Jerry Langton’s The Notorious Bacon Brothers: Inside Gang Warfare on Vancouver Streets (2013) opens with negative portraiture and he never relents except to describe law enforcement personnel and other official representatives of the state. His opening two sentences set the pace: “‘You’re just going to buy crack!’ the woman screamed. The toddler she was holding looked terrified, but the man she was shouting at only looked bothered and a bit embarrassed” (3). Here we have a symbolic family destroyed by gangster-purveyed crack cocaine. We might ask after the symbolic family destroyed by state-purveyed alcohol, but we would not find it in Langton’s pages.
Examples of phrases that reveal the sort of representations of criminals Langton purveys in his book are as follows: “known to police” (5) “a shadowy street gang” (8) “connections to known gangs” (23), framing individuals thusly: “started getting in trouble again” (51) “Dhaliwal was, like most victims, well known to police” (54). Langton constructs the image of a violent, gang-centric world careening out of control: “breaking such rules meant capital punishment” (70); “a Kelowna-based Hell’s Angels puppet gang” (89); “she was going to trade some weed for Oxycontin” (119) and, “a bad man” (120). A criminal, Langton contends, chooses such a life after watching Snoop Dogg videos.
One description deserves singling out: an all-encompassing objectification of drug-trade executive criminals. Langton writes, “The drug trade, at least at the top end, is extremely lucrative and is one of the increasingly rare career choices for those who are not educated or bright enough to establish a legitimate career” (49). Rather than structural barriers or a lack of social programming that push people into illicit careers, they choose crime because they are daydreamers or, worse, unintelligent.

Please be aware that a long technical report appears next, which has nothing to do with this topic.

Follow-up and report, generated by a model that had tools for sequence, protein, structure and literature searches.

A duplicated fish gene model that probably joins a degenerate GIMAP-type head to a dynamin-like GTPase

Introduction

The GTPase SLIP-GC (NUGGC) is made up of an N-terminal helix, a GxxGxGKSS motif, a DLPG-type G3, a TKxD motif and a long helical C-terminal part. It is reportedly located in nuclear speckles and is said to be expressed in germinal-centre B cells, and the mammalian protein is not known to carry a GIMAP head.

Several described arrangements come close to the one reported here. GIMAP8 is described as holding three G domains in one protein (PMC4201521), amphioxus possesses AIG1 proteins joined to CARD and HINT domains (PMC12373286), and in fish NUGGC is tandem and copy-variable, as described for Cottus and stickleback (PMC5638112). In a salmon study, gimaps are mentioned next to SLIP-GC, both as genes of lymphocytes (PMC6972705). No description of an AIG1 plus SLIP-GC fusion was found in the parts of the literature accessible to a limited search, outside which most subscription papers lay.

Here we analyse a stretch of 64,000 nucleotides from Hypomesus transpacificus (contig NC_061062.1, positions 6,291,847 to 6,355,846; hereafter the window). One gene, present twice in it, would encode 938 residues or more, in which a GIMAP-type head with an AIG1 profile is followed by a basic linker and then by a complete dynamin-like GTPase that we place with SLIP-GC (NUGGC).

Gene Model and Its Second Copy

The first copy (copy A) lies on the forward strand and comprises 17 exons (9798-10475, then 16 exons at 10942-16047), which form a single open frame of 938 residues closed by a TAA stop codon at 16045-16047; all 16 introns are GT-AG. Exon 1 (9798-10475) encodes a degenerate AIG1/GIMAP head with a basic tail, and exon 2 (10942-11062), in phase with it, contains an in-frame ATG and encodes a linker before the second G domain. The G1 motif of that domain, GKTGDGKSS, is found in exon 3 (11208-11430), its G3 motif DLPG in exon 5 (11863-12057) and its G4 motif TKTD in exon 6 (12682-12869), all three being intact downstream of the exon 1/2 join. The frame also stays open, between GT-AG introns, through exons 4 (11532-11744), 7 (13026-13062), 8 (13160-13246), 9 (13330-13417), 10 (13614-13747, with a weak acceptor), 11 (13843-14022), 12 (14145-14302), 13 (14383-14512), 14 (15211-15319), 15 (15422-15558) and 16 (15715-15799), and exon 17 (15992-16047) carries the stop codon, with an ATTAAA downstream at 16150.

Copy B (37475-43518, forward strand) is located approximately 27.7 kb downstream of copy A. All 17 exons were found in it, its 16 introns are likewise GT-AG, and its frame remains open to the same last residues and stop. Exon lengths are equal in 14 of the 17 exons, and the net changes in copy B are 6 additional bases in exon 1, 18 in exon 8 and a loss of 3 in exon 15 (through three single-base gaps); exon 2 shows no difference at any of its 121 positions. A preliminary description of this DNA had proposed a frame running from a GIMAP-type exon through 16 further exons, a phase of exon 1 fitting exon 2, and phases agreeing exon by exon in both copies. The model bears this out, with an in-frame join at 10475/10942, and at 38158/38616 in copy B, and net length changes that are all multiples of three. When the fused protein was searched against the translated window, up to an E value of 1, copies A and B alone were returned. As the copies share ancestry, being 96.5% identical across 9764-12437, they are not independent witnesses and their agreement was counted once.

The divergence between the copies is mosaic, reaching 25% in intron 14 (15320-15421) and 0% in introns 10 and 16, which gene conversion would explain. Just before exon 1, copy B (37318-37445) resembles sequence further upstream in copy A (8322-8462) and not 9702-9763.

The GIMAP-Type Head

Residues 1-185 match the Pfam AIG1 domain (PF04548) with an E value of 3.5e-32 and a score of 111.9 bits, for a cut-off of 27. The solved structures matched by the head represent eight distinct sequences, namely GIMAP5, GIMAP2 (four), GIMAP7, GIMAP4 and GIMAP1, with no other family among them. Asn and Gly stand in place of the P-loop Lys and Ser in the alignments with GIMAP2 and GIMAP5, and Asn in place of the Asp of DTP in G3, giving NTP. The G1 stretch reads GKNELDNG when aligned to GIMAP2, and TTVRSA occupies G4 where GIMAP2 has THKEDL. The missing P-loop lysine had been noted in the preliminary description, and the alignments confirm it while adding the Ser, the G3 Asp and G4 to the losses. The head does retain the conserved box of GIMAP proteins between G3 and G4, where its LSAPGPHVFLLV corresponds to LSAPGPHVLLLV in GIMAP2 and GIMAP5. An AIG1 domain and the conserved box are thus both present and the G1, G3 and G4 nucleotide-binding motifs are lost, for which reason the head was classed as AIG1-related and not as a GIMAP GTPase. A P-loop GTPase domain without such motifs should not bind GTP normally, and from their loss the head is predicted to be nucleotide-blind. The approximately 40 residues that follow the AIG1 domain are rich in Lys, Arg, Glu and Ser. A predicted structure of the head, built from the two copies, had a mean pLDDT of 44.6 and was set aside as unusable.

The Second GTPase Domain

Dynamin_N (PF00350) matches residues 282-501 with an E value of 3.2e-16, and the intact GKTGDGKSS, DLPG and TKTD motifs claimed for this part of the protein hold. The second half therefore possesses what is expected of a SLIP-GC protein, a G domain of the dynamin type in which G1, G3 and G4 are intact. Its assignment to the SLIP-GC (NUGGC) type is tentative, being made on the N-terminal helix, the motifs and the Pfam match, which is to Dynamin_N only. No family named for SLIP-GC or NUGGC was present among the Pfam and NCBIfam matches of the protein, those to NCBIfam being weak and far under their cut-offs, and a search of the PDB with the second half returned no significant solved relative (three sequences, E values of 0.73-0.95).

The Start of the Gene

In contrast, Langton celebrates “the police, listening to all the phone conversations” (83) as heroes, rather than functionaries of a surveillance state. He happily speaks for civil authorities: “‘we’re targeting the people who are the highest risk to public safety’” (119) without the slightest consideration for what it might mean when an armed organization targets anyone. Not surprisingly, illicitly produced marijuana plays a significant role in Langton’s story. “Grow op” appears throughout the book, as does “weed,” when associated with criminals and “marijuana” in the depictions of law enforcement initiatives. As well, linkages between marijuana production and gangsters appear throughout the book:
In his description of crime reporter Kim Bolan, Langton is again rather unkind to civil authorities, noting the reporter “had been covering the Lower Mainland’s underworld for years and probably knew more about organized crime than law enforcement” (72). But the general representation of law enforcement throughout the book is of those who are pervasive in the world out there, as undercover police officers always listening, as in “he was heard discussing it on an unrelated wiretap” or “he later told an undercover officer” (60).
I asked Langton what he thought about the representation of marijuana workers (and the growers for whom they toil) in public discourse and he did not respond to that question but, instead, spoke about workers in that industry being ordinary people who see a chance to make some money. This description was in stark contrast to the characters appearing in his book.
Why we fight.
In Molly Lynch’s article, “The War on BC’s Small Pot Farmer” (The Tyee 16 December 2013) the reporter focuses on two factors driving the mom-and-pop small-scale marijuana growers out of the business. The 2005 BC Civil Forfeiture Act, operating under the civil code, permits the anonymous director of the Civil Forfeiture Office to seize assets before individuals see a day in court, “even if no person has been charged with an offence that constitutes unlawful activity or if a person charged with an offence was acquitted of all charges.” Lynch notes that,
while judges used to hand out mild sentences to small-scale growers on trial, the new act means punishment for these offences is determined behind closed doors. Even those who used to grow legally have been shut down by the Harper government’s new medical marijuana regulations, which will prohibit individuals from growing. Since the Civil Forfeiture Act was implemented, the CFO, whose stated purpose is to ‘take the profit out of crime,’ has hauled in $41 million.